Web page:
Tuesday, July 22, 2008

Wakasan This Way

(310) 446-5241
1929 Westwood Blvd.,
West LA, 90025
Omakase only for $35 per person

I'm not entirely sure why the sign says Japanese charcoal cuisine. Out of the twelve courses, only one dish may have been grilled. Still, the podium outside announced that they only serve omakase prix-fixe style dinner with multiple izakaya dishes. The explosive popularity of izakayas may be following the small plates trend paved by Spanish tapas. I like to think that izakayas are no so popular simply because they serve good food in a manner conducive to shared company. Who doesn't like to have drinks with a good group of friends and share all types of delicious food?

As far as I know, izakayas are not generally served omakase. I think that having a set menu limits some of the fun of the izakaya experience. Choice and spontaneity make up a large part of the fun. It is nice though, to be served things I wouldn't usually order by myself. But given the choice, I wouldn't have ordered such an expensive meal either. Walking into Wakasan, I realized quickly that my friend Ed and I were the only non-Japanese patrons--usually a good sign. While I was pleasantly satisfied with the dishes I received, I was disappointed to see another table get an order of live shrimp that I never got. The waiter explained that it was an extra item that I'd have to pay more for, but I never saw any sort of menu to order from anyway. I wonder if not being Japanese had something to do with it. I've had omakase at sushi restaurants before and noticed that I receive better food when I'm with my Japanese girlfriend. While it makes sense that the chef will serve you based on your preferences, I don't like to be judged just because of race. I can eat with the best of them, but they may never give me a shot if I'm not Japanese. Perhaps next time in an omakase context, I will need to show them my familiarity with the cuisine and hope for the best.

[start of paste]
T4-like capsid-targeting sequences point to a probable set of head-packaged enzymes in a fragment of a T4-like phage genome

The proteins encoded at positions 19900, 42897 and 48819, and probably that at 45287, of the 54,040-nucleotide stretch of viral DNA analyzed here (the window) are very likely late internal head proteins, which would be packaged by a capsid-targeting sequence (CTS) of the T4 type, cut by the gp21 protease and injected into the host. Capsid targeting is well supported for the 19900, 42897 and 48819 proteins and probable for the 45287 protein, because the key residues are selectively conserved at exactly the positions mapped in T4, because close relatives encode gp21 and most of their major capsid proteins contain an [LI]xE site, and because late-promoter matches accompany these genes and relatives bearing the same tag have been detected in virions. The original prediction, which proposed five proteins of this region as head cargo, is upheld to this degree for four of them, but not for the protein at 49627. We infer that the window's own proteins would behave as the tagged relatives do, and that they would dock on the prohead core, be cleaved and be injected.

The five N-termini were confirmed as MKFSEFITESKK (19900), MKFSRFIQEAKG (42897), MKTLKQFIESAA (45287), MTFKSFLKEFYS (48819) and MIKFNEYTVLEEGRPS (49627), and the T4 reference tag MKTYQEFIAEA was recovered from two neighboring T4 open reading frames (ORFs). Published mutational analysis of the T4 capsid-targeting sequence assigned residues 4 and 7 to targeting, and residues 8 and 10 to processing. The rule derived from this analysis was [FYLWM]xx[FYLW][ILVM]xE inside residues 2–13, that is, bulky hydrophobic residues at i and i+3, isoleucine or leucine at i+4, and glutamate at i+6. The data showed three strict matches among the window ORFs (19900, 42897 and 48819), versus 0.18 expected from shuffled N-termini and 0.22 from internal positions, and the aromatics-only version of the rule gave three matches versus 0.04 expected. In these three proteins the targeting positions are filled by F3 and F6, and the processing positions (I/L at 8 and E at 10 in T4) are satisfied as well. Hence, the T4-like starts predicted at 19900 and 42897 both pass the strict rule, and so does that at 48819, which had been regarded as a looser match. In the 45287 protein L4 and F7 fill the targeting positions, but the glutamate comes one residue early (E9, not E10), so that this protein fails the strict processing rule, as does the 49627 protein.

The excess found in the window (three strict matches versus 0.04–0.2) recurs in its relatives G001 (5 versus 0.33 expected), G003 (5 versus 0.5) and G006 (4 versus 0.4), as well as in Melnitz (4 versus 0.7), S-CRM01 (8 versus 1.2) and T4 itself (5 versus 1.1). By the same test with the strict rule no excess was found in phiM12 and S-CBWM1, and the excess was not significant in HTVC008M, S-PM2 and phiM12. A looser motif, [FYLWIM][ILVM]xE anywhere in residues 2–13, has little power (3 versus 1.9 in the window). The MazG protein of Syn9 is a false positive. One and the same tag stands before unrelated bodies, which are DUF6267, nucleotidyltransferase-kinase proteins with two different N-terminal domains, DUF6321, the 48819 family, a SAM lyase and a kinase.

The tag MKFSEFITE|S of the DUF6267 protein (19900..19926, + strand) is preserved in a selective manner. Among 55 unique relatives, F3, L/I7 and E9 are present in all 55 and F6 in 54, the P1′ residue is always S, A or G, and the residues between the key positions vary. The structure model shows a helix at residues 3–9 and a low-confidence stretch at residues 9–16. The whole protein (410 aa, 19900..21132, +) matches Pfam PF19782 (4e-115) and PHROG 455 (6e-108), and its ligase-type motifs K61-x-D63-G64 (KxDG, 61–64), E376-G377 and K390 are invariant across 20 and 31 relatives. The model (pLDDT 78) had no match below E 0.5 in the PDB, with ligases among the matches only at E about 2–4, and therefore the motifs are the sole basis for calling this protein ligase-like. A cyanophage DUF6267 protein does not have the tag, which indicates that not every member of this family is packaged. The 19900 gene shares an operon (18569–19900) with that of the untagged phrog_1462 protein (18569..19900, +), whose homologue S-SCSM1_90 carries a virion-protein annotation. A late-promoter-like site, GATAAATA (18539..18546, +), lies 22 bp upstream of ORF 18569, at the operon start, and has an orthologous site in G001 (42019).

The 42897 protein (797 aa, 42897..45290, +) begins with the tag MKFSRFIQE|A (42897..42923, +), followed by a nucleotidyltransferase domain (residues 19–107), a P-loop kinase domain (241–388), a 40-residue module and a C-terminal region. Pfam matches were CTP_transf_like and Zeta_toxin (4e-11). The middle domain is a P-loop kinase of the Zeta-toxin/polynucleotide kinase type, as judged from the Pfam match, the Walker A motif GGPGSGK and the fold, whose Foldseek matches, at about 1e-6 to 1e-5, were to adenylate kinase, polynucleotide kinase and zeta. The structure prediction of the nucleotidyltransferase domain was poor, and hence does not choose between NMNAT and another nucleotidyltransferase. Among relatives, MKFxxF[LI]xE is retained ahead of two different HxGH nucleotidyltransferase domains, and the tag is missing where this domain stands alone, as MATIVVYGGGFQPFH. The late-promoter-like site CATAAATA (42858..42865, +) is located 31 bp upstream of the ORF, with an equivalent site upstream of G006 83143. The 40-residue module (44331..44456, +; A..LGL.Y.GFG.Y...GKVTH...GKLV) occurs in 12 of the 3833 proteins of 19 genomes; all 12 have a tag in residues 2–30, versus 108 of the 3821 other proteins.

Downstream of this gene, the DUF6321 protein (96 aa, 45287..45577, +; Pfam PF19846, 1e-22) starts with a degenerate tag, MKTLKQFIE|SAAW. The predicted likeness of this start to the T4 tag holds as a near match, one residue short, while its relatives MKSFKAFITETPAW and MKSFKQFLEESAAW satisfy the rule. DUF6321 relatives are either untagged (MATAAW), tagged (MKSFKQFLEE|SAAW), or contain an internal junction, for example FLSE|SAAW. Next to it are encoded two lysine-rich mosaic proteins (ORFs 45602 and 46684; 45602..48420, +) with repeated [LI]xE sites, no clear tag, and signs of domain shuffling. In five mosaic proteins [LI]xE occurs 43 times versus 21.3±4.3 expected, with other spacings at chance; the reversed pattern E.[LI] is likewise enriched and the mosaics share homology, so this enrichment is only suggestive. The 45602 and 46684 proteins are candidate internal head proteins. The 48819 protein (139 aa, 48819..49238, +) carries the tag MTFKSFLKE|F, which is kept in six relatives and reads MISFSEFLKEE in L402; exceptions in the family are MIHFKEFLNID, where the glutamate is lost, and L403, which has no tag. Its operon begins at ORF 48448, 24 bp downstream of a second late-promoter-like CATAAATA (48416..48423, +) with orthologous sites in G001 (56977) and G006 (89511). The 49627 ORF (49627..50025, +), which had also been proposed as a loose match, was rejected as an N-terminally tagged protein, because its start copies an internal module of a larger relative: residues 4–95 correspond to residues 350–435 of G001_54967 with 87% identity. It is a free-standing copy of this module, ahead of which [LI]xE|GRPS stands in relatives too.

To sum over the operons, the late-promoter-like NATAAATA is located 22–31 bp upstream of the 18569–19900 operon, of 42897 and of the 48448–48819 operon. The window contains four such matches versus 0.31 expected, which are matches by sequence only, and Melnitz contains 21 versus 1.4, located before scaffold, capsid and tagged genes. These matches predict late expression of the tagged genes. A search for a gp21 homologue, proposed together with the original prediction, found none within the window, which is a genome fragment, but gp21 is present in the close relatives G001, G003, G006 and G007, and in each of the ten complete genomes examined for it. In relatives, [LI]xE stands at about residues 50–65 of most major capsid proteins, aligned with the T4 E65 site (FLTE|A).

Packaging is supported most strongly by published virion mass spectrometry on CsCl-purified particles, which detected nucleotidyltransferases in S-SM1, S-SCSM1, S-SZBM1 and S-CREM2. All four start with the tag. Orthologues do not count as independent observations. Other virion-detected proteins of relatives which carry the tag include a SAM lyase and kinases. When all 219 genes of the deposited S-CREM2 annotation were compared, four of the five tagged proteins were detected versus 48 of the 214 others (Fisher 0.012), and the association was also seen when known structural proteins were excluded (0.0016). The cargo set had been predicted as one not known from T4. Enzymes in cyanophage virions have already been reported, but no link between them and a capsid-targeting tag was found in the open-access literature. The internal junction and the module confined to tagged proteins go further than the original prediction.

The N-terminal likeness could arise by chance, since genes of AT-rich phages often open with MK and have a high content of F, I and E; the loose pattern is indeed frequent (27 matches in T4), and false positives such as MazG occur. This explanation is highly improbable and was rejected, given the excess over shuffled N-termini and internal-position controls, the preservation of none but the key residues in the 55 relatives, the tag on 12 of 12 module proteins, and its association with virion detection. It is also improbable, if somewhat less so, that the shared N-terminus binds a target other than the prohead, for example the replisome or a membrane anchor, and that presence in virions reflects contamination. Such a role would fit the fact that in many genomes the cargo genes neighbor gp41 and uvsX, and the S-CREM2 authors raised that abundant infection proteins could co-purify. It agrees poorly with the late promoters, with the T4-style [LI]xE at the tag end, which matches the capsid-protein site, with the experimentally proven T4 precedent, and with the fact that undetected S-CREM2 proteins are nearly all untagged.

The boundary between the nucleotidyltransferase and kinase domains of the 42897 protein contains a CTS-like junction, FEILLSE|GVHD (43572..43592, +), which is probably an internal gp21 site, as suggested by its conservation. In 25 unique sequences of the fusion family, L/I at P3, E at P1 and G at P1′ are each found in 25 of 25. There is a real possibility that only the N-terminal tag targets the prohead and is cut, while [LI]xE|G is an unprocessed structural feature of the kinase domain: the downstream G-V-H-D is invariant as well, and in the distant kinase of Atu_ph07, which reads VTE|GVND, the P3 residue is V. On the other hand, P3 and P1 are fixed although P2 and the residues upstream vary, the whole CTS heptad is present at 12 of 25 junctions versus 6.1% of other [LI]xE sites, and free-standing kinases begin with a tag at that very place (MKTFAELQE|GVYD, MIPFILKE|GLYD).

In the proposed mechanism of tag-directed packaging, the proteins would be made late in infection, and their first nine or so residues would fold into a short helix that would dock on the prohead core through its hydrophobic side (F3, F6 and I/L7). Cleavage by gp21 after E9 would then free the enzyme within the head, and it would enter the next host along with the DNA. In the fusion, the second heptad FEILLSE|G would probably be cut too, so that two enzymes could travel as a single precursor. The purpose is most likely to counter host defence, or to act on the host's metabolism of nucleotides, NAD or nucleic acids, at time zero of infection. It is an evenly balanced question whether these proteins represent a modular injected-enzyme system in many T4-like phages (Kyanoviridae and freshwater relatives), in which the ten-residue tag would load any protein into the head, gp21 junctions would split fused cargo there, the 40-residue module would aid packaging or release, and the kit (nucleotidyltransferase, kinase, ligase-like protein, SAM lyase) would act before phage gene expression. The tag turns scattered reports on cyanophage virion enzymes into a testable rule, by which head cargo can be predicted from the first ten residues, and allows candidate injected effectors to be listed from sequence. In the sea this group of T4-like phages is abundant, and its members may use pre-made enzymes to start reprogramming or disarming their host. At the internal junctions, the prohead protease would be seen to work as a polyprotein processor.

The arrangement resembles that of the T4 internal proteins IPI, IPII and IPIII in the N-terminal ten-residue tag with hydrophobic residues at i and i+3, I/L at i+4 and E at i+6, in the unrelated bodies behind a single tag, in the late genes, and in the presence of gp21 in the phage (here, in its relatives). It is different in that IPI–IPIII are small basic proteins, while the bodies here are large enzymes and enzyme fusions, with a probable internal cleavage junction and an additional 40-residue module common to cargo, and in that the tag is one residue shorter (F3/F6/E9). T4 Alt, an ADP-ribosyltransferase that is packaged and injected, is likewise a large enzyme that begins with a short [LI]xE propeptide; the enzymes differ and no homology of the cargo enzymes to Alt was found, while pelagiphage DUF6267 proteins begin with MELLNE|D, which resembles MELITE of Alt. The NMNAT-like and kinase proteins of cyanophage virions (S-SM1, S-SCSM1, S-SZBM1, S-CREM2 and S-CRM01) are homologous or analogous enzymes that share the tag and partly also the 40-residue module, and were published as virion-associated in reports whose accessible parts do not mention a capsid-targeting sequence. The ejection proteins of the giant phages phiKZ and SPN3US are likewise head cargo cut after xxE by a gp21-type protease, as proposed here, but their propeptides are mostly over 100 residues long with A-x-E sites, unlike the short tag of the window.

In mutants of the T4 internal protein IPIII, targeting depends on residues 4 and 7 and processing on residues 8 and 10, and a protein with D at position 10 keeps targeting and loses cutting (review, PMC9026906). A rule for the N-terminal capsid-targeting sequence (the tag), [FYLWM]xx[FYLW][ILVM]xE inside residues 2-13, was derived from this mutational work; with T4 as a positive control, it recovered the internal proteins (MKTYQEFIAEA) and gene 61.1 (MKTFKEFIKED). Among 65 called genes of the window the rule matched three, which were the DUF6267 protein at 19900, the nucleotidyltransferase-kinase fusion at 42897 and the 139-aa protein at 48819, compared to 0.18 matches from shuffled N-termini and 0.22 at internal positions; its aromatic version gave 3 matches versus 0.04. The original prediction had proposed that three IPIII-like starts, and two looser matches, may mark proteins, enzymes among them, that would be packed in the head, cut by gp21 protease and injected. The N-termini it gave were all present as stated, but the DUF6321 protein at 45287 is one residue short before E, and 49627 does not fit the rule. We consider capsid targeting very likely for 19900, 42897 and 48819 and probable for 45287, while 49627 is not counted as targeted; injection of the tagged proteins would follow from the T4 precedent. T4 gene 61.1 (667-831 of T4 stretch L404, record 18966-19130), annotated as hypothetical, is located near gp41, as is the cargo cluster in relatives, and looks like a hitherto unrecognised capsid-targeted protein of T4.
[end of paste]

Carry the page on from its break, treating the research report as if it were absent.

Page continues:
Courses 1-3

These three dishes came out first. The bottom one on the right is some sort of seaweed salad which didn't appeal to me. It tastes bland and wet, not much more than that. I forgot what the center dish was, but the texture had a chewy consistency, probably some sort of pressed tofu product. The left bowl is pickled daikon and carrot and octopus salad. Vietnamese fans will probably recognize the pickles, an item I will explore in more detail in an upcoming blog entry. Of the three, I liked this one the most. The sweet and sour pickles paired well with the octopus. From my experience at Sasaya, I think that marinated octopus is truly delightful on top of a salad. Just a little rice vinegar, sugar and wasabi can go a long way.

Courses 4-5

The grilled salmon came with a wedge of lemon that I eagerly drizzled over the fish. Picking up a piece with my chopsticks, I expected an intense citrus flavor followed by the familiar taste of salmon, but instead the overwhelming flavor was sake. I'm not sure what they did with the fish, whether a marinade or a quick glaze, but it was delicious and different. The sashimi plate consisted of three small cuts of tuna, another white fish I couldn't identify, and squid wrapped in shiso. As taken from my Sawtelle Kitchen post, "Shiso is the herb perilla most commonly known by its Japanese name." The flavor is that of a less obtrusive mint. It actually paired nicely with the oil of the raw squid, and in these little pieces, the chewiness of the squid is not overwhelming.